Why Your Phone Is So Addictive



Phones trap us in an addictive state of constant attachment. Photo courtesy of Pixabay.

Stella Gunn, Staff Writer

In this day and age, technology is a major part of how we live. Technological advances have improved so many aspects of life, but with these advances came smartphones. Our generation is the first to grow up with smartphones, and it shows. The minds of young people like students at Charlottesville High School are being rewired by smartphones and social media. 

When interviewed, multiple C.H.S. students acknowledge that they are addicted to their phones. When asked why she thought she was addicted to her phone, 9th grader Claire DeGuzman responded, “because I dropped my phone in a lake and then didn’t know how to handle myself.” We spend so much time doing repetitive motions on our phones that, when we don’t have them, we feel like we are missing something.

Connor Rounsevell said he did not think he was addicted, but, when asked how many hours he spent on his phone a day, he said, “about 10.” Some people spend insane amounts of time on their phones, but still don’t see themselves as addicted. They feel like the amount of time they are spending is a conscious choice, and if they wanted to they could change it. It’s not until you are without your phone that you can see how attached you really are.

 Young people are using social media and phones from such a young age, and their minds are still developing, so the impact is significantly larger. Actual brain scans show differences in our brains caused by phones. A huge behavioral difference phones are creating is attention problems. Many children struggle with some form of ADHD, but smartphones are further decreasing their ability to stay focused. 

In this generation, we are surrounded by multiple screens basically everywhere. Because of this abundance of screens and entertainment, many teens find themselves, when watching a movie, wanting to check their phones simultaneously. Movies were created specifically to entertain, and they become bored with just that, so imagine the difficulty to focus on something like a lecture in class when their minds are trained to crave constant and multiple kinds of stimulation and entertainment.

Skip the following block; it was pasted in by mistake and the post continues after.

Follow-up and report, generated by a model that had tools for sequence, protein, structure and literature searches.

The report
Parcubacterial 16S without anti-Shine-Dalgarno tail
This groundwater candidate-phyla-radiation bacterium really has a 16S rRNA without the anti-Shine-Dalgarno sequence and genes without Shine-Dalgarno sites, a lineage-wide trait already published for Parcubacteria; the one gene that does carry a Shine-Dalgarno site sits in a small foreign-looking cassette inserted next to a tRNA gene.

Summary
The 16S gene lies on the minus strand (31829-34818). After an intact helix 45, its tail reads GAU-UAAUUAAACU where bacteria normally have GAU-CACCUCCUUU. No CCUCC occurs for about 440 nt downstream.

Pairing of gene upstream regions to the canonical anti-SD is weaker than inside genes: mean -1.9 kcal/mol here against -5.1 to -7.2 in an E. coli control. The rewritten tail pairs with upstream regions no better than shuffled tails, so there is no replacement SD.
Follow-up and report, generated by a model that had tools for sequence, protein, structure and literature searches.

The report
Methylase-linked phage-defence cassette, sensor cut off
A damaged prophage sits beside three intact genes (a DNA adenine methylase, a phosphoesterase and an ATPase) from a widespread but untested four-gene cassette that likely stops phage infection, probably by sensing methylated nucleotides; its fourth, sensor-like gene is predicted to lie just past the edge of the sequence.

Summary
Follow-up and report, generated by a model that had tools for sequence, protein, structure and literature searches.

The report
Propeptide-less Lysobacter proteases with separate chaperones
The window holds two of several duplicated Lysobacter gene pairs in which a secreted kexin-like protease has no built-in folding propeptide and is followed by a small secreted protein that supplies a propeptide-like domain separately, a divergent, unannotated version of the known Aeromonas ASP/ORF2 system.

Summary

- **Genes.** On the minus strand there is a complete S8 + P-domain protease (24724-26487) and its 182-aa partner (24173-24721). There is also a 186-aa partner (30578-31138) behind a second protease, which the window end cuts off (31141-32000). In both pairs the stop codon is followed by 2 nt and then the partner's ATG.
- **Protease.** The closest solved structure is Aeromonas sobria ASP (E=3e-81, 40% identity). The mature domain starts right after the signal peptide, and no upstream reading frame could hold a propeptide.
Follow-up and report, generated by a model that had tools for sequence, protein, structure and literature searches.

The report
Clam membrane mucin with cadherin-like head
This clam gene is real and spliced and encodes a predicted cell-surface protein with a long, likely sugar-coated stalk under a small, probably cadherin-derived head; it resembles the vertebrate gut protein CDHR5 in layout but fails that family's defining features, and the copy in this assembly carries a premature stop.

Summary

A study at Harvard says this about social media platforms: “Facebook, Snapchat, and Instagram leverage the very same neural circuitry used by slot machines and cocaine to keep us using their products as much as possible.” Dopamine is a chemical that makes us feel good, motivating us to do the activities that are beneficial to our health and life. If you are wondering why you feel so good after exercise, dopamine is why. Many human-created addictive things are not beneficial but trick our mind into releasing dopamine anyways, such as drugs and gambling; social media does the exact same thing. Clever schemes such as likes or comments trick your brain with colorful displays and certain sounds that create dopamine, but also train your brain to crave that kind of stimulation.

Smartphones are addictive. It’s indisputable. Many people are aware that they are addicted, and spend way too much time on their phones. So if we know it’s bad, how do we stop? One of the best things you can do to retrain your brain to be less addicted to your phone is read. It’s simple, but it helps you regain control of your attention span, as well as helping develop the parts of your brain the phones damage. Disabling notifications for your social media platforms helps you not feel pulled to always check them. Turning on your screen time, so your phone tracks how much time you spend on what, is also a step to make yourself more aware.

If you feel like you aren’t addicted, try to put your phone somewhere out of sight for a few hours. Do you feel pulled to check to see what’s happening in your simulated social media world? Do you hear notifications when they aren’t really there? Are you counting the minutes until you can check your phone?  If this describes you, maybe it’s time to reevaluate the situation and make a change.